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  1. At present:

    returns a method pointer. Judging from questions posted to the mailing lists, this is seldom the expected behaviour. Assuming we keep optional parenthesis, perhaps we should provide a method on Object that returns method pointers for names, and make this syntax be an method call, too.

  2. I agree. Getting method pointers is typically done much less frequently than calling methods, so it should be more "work" to perform. Plus this will make the optional parens a little more consistent (if they stay as part of the language). OTOH the current syntax seems more consistent: since "MyClass" by itself is a Class object, then "method" by itself is a method object.

    BTW how does the existing code work when "method" is polymorphic and has several different versions?

  3. The most common meanings for object.method are:

    1. Calling a method with no arguments.
    2. Fetching a field or property.
    3. Storing a field or property.

    The less common meanings are:

    1. Getting a reflective descriptor.
    2. Getting a method pointer (callable closure over the object and method).
    3. Building some sort of path expression.

    The common meanings are disambiguated by lookahead context in Java. (And there are no properties.) Groovy can be more concise than Java in the common cases if it allows a little more ambiguity, specifically by eliding empty argument lists. This significantly shortens the first case above.

    The less-common meanings require more or less awful boilerplate code in Java, which we may or may not care about. Personally, I think class literals are nice and would like to see concise field and method literals also. Depending on what the method pointers are ready to interoperate with (a la Delphi/C#), a concise method closure syntax might also be good.

    I suggest a simple syntax to fetch (but not "execute") a combined "lvalue descriptor", such as object.&field. This cookie could be queried programmatically as to whether it names fields, properties, functions, and/or overloaded methods. It would have the obvious "call", "get", and "set" operations, for use as a method-pointer or property-pointer.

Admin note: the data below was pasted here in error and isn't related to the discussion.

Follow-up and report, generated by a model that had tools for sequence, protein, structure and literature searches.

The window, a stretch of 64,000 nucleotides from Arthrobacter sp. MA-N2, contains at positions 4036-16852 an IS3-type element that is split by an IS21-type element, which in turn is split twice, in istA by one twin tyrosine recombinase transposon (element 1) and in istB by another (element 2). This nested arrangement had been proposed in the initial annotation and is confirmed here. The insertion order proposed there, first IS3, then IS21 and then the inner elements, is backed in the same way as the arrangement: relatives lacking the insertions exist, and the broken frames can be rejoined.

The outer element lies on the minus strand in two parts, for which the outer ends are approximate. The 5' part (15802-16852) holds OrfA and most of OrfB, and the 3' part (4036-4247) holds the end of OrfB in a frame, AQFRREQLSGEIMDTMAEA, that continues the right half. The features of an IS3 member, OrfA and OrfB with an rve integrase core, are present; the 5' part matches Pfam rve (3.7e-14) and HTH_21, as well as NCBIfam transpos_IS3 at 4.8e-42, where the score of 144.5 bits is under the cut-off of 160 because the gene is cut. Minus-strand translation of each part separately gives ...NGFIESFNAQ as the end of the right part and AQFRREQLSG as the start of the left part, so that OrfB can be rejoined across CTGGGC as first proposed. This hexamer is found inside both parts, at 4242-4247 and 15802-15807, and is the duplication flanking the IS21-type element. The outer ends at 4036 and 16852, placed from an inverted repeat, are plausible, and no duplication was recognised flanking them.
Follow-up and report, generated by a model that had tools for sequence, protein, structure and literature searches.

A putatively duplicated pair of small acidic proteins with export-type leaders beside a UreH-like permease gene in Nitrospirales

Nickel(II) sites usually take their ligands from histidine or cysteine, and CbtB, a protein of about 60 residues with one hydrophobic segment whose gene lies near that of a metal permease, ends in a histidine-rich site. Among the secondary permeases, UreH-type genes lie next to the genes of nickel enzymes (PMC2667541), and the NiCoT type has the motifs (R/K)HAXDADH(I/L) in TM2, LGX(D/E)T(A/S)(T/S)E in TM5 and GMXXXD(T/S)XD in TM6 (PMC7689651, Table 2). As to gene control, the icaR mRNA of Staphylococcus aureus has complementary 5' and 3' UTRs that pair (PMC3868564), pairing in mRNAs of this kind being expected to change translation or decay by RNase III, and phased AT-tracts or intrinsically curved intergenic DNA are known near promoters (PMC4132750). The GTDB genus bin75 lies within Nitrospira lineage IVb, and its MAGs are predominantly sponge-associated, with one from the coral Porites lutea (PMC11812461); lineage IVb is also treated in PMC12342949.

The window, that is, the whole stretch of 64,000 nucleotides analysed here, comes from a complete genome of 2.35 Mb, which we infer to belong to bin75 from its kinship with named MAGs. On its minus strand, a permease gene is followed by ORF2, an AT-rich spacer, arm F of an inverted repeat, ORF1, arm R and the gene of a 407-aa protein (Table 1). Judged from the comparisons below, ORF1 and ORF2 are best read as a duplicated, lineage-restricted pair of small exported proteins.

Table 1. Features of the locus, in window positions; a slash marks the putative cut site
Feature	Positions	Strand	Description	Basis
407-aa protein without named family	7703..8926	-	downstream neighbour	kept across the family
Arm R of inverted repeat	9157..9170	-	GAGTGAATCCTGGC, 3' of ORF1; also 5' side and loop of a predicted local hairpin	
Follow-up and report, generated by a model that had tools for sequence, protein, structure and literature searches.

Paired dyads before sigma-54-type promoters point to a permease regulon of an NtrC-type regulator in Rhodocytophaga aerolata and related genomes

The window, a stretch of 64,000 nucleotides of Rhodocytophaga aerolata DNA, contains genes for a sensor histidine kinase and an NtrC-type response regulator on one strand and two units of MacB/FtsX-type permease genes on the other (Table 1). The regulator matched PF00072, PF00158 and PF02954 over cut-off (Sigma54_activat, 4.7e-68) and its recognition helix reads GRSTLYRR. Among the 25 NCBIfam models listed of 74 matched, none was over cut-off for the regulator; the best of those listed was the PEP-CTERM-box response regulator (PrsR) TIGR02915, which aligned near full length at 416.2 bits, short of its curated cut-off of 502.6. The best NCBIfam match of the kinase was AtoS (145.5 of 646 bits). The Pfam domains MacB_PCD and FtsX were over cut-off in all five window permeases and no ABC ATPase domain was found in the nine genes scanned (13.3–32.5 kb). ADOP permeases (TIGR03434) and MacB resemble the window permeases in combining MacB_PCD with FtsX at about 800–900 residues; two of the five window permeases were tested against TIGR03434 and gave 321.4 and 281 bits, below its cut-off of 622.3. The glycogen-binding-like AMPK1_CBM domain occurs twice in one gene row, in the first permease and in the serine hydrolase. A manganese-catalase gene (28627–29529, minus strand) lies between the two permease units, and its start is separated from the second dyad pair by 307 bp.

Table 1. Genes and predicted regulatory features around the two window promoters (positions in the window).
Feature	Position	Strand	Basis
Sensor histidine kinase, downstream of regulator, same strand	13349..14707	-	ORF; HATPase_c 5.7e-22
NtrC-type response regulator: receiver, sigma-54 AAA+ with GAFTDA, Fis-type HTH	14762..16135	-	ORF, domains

I am consciously confusing fields with methods here: I think Groovy will be simpler if we allow fields to mix with methods in most places.

    Then, we can express the common cases concisely:

    Use Case

    Semantic Expansion

    x = object.value

    x = object.&value.get()

    object.property = x

    object.&property.set( x )

    object.method(x,y)

    object.&method.call(x, y)

    Of course, the compiler would short-circuit or fold away all the common cases of this.

    BTW, eliding parenthesis and commas around long argument lists is not very profitable, even though it's handy in the shells. The reason is simple: The user is already typing a lot of stuff to introduce arguments, so the burden of an extra (,,) decoration is small. So, issue 15205 quoted above can go away either requiring parentheses around arguments, or perhaps by requiring them if a closure block is to follow.

    See design tactics for an attempt to list relevant design principles that affect this discussion.

  4. Let me clarify my last BTW by showing what I think is the sweet spot for eliding parenthesis. Basically, we can be shell-like and omit parentheses with zero or one arguments, but with two or more arguments, and especially with a block appended, the parentheses are necessary to keep humans and parsers from straying down syntactic garden paths.

    Example

    Arguments

    Comment

    println

    ()

    OK, omit useless ()

    println 'hi'

    ('hi')

    OK, omit annoying ()

    atan2 3,4

    (3,4)

    Probably overkill. Disallow?

    atan2 3 4

    (3,4)

    Badly ambiguous

    using x {code}

    (x,{code})

    Mortally ambiguous

    if x>0 {code}

    (x>0,{code})

    Mortally ambiguous